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This Is How OpenSea Plans to Combat NFT Scams




VOC, Voice of Crypto, NFT

Key Insights:

  • NFT thieves use malicious URLs to compromise collectors’ wallets.
  • To tackle NFT theft, OpenSea launched an automated feature to detect and prevent the sales of stolen collections.
  • The feature includes a tool that detects malicious links

Due to multiple attacks in the NFT ecosystem, OpenSea – the largest NFT marketplace – unveiled a new security feature. This automated feature detects stolen assets and prevents their sales.  

The hackers behind these exploits use malicious links to compromise projects and collections. Before you identify what’s happening, these hackers run away with collectibles.

A similar case of such hacks in recent times is the attack on Ethereum NFT, Nouns. For instance, NFTs worth about 42ETH were stolen from 25 users. They all said they clicked on a link shared by Nouns’ Twitter account. 

OpenSea Plans to Freeze Stolen NFTs 

Lately, OpenSea announced the integration of an updated security feature on its NFT marketplace. The system is built to detect and freeze NFTs involved in suspicious sales. While the NFT is frozen, it will review the transaction to ascertain if it belongs to the seller.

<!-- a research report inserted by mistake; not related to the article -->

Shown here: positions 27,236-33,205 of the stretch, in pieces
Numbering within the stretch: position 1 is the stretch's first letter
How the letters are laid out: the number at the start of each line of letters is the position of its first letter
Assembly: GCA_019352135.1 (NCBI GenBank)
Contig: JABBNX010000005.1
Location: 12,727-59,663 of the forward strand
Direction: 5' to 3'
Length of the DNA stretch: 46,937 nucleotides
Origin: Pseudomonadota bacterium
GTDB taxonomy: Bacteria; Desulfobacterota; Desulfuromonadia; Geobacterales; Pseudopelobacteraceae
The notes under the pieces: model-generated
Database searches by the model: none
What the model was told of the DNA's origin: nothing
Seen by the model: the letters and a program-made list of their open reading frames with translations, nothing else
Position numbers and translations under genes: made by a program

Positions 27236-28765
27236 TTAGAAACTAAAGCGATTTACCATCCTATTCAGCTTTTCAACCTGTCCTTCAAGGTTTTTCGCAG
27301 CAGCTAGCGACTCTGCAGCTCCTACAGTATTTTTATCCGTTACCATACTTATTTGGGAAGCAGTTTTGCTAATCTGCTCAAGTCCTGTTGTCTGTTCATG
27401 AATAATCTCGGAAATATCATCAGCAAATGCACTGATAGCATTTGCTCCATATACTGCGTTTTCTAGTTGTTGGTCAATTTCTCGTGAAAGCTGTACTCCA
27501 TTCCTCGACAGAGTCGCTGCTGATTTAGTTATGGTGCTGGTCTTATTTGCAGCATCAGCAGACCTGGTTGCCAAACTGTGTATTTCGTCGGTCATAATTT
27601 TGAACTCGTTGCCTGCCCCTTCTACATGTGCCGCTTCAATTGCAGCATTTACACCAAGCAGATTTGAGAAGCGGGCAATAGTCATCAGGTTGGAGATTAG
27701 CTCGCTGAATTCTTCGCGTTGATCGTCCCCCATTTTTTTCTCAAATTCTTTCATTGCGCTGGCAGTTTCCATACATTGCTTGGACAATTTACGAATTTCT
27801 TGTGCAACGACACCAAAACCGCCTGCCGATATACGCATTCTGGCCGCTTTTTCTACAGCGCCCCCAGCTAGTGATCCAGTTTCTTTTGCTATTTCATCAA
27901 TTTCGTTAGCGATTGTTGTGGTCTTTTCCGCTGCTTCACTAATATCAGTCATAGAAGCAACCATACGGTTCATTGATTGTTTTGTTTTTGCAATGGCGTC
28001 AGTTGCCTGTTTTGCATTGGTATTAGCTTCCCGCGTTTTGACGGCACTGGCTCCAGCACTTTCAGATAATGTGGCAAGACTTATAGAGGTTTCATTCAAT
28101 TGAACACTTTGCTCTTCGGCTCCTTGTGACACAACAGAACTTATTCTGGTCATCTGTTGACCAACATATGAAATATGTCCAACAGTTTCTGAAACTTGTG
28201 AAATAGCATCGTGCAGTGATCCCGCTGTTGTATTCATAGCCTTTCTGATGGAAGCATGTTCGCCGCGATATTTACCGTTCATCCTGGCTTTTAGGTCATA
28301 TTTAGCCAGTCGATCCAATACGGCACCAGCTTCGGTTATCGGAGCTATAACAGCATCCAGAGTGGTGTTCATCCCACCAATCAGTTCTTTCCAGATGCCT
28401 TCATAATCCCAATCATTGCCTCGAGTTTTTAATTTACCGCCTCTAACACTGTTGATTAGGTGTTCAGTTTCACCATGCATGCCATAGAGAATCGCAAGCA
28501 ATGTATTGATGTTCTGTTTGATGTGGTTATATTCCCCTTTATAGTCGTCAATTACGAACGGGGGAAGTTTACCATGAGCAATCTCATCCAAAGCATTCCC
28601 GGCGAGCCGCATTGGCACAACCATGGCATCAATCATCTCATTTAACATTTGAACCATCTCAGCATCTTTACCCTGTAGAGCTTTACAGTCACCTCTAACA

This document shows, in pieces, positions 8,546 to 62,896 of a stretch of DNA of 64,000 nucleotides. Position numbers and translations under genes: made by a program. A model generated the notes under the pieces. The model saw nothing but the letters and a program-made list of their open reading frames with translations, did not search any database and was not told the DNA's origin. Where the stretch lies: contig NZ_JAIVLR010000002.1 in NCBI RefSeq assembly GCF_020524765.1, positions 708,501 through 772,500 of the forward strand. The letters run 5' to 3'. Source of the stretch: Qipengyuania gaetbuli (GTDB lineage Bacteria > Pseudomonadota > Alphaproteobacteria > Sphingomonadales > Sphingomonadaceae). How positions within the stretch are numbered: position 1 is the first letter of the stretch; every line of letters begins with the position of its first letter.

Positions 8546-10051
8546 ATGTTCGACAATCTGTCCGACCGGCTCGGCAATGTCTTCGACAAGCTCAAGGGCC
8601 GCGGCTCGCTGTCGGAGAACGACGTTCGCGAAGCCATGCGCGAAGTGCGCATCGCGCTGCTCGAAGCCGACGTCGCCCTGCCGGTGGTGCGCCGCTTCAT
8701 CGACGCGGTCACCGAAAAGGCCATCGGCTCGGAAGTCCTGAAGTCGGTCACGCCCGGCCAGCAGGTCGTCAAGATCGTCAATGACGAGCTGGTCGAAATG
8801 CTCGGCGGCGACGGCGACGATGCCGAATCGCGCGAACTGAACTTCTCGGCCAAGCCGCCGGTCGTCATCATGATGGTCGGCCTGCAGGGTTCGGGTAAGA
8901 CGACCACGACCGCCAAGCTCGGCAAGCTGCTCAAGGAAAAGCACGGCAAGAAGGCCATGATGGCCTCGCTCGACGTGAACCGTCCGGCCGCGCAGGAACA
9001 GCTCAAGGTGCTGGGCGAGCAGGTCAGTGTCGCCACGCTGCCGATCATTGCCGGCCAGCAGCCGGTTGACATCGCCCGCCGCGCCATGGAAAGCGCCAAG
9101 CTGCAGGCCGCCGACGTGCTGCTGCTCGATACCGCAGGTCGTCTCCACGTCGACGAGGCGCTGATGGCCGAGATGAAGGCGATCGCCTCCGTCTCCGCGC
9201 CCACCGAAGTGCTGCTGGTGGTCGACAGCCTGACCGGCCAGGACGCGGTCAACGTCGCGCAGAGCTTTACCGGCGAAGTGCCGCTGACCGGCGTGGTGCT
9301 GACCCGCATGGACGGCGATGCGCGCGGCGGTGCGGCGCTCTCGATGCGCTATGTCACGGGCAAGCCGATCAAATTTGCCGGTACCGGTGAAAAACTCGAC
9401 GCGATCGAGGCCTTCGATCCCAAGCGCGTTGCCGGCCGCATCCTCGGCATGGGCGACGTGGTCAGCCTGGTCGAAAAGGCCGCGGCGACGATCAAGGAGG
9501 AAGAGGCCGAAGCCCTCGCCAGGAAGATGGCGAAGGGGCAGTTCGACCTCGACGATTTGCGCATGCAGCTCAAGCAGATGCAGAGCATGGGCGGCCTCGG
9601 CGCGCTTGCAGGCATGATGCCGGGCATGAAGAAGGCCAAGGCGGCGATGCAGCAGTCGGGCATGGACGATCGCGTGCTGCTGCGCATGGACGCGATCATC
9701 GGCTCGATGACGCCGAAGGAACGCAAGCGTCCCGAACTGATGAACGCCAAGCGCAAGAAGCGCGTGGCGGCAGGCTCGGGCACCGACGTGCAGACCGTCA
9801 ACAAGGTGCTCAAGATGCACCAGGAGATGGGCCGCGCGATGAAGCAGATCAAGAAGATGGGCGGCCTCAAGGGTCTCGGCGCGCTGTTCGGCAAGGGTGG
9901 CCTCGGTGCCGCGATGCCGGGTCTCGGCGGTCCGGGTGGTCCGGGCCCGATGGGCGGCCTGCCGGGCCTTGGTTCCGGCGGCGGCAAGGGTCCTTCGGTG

Thus, the feature will help to ascertain the original collectors. To that end, it will go a long way in preventing theft and scams. It will alert buyers of a suspicious NFT transaction and give a week-long period to dispute or confirm. After confirmation from the original owner, the asset can then be sold to its new collector.

In the announcement, OpenSea says it is launching an automated URL scanner. This automated URL scanner will identify malicious links. Hence, it is expected to prevent users from falling prey to them. 


This tool looks out for compromised links — when a user inputs a link to OpenSea, it automatically detects and disables such links. These links often redirect users to malicious websites and make your wallet

Therefore,  OpenSea is looking for behaviors that might insinuate an endeavor to swindle assets from users.

“That’s the kind of thing we’re looking for in that simulation,” Anne Fauvre-Willis, OpenSea’s VP of Operations, said. She continued, “Is this asking for something that is unreasonable to ask for from a third-party site?”

Since scammers and thieves use malicious links in the guise of airdrops or free mints, NFT theft has increased. These thieves drain victims’ assets and flip them to unsuspecting collectors.  In this tweet by Pyramidion Solutions, the new feature is to shield OpenSea users from NFT scammers. 


Over $100 million of NFTs were stolen between July 2021 and July 2022, according to Elliptic.

To end that, OpenSea launched a new feature to detect and tackle “the biggest barrier to broader NFT adoption.”


OpenSea said the new feature could successfully block the resale of such stolen collections. However, it cannot guarantee that the theft victims will reclaim their lost assets. 

OpenSea is making bold moves to secure the NFT space. Fauvre-Willis says, “It’s important that we follow the law and that we make this space safer overall.” She added, “I think we can’t expect the space to grow and expand adoption if we don’t make these investments.”